10 March 2023


  • Check libFuzzer on clang.
  • Check Radamsa again.

Podman on RHEL 8

  • Need crun instead of runc.
  • Need to set /etc/subuid and /etc/subgid.

ClickHouse / Zookeeper replication lag

  • Possibly caused by lack of NTP on servers.
  • Problem seems to be gone after setting up NTP on the servers.

15 March 2023

ClickHouse has really nice colorful logs. They’re randomly generated to have a random color compontent, but consistent brightness. The code for that can be found here.

19 March 2023

Making a custom colorspace

// TODO: Write this

21 March 2023

Static zstd binary

The motivation

When deploying applications and dependencies to customer VMs, it is useful to reduce the number of files and the total size you need to upload.

While we could use something like gzip for this, it would be better to use zstd because it manages to compress better and faster. And even after deployment, we can use it in our tools and scripts.

As the result of this project, I want to have a single executable file that I can copy to a VM to compress and decompress data. I don’t want to deal with glibc version incompatibilities.

And I don’t want to need root access to install any dependencies, this should work on any VM we are given, regardless of permissions.

The solution

A good candidate for doing this is musl libc, which is designed to be statically compiled. Alpine Linux uses musl libc by default, and makes this really easy to do. We can just use a Podman container and build a static zstd binary inside it.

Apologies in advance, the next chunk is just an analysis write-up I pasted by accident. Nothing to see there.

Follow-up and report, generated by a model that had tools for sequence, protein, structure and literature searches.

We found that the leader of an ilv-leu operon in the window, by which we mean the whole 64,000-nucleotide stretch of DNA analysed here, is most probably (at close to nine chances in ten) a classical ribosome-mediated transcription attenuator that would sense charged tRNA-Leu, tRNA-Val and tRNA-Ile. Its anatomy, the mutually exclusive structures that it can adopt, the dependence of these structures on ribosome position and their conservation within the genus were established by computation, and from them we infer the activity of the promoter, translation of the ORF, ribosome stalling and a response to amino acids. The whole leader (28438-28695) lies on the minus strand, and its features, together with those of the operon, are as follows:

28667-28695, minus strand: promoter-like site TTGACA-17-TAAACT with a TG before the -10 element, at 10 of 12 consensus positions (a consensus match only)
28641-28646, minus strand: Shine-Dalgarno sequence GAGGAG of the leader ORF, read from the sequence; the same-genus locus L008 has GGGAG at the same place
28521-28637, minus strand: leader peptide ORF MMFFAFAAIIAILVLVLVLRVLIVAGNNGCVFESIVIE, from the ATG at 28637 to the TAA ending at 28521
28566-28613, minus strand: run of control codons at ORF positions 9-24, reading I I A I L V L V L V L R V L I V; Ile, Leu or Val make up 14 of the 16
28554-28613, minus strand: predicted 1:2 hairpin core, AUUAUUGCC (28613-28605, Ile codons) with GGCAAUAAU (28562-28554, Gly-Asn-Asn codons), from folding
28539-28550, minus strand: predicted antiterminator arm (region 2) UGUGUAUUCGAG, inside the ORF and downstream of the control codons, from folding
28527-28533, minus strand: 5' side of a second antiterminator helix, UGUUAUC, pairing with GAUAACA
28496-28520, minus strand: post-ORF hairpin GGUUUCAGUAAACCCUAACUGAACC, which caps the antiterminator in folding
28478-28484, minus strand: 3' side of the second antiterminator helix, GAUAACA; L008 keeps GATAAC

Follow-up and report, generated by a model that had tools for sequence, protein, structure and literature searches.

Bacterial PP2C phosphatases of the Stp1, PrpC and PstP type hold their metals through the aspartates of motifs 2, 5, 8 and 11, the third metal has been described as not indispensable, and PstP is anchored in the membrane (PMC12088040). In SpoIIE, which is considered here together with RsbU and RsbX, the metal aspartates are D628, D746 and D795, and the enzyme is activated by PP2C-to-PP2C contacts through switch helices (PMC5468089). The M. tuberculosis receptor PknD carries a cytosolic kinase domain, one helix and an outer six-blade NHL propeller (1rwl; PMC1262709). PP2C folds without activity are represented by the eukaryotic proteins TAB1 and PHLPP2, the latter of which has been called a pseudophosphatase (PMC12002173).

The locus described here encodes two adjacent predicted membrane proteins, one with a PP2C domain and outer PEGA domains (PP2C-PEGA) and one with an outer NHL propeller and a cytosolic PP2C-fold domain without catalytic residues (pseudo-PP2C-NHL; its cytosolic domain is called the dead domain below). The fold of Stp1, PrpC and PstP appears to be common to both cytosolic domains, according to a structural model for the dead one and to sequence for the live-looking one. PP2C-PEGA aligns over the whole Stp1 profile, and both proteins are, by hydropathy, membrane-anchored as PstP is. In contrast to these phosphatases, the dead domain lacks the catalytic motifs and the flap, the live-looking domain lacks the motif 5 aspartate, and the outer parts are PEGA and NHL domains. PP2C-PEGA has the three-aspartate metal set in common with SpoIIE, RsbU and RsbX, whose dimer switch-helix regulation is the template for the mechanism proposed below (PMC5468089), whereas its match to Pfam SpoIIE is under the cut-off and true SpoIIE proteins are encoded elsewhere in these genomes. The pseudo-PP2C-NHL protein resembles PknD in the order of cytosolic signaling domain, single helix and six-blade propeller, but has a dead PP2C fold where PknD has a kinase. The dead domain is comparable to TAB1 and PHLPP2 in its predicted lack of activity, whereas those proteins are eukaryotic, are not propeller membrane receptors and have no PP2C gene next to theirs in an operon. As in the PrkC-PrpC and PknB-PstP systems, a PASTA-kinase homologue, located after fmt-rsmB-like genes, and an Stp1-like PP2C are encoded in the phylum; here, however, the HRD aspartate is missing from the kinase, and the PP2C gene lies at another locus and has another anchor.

Aside from working on zstd-compressed files, the zstd tool can also use the lz4, gz and xz/lzma formats. This makes it a pretty good “universal” compression tool, and having all that in a single binary is very convenient.

Below is the script I used to compile a static zstd binary on Alpine Linux.

apk update
apk add wget
apk add make
apk add gcc
apk add musl-dev

apk add lz4-dev
apk add lz4-static
apk add zlib-dev
apk add zlib-static
apk add xz-dev
apk add xz-static


wget -O zstd.tar.gz "${URL}"
tar -xzf zstd.tar.gz
cd zstd-${ZSTD_VERSION}

export CFLAGS="-flto"
export LDLAGS="-flto -static -static-libgcc -static-libstdc++"
export HAVE_LZ4=1
export HAVE_ZLIB=1
export HAVE_LZMA=1
make zstd-release

cp programs/zstd /output/path/zstd

The results

And the result? A single 2.6 MB file that can compress/decompress any format we care about using.

$ file ./zstd ./zstd: ELF 64-bit LSB executable, x86-64, version 1 (SYSV), statically linked, with debug_info, not stripped

$ ls -lah ./zstd -rwxrwxrwx 1 root root 2.6M Mar 21 13:28 ./zstd

$ ./zstd –help

–format=zstd Compress files to the .zst format. [Default] –format=gzip Compress files to the .gz format. –format=xz Compress files to the .xz format. –format=lzma Compress files to the .lzma format. –format=lz4 Compress files to the .lz4 format.

31 March 2023

  • To visualize and plot 1D data, you can use PulseView from sigrok, or GTKWave.
    • The format most of those waveform/logic viewers use is called VCD, or Value Change Dump.
    • Should be possible to make WAV files too. Both PulseView and Audacity can open those.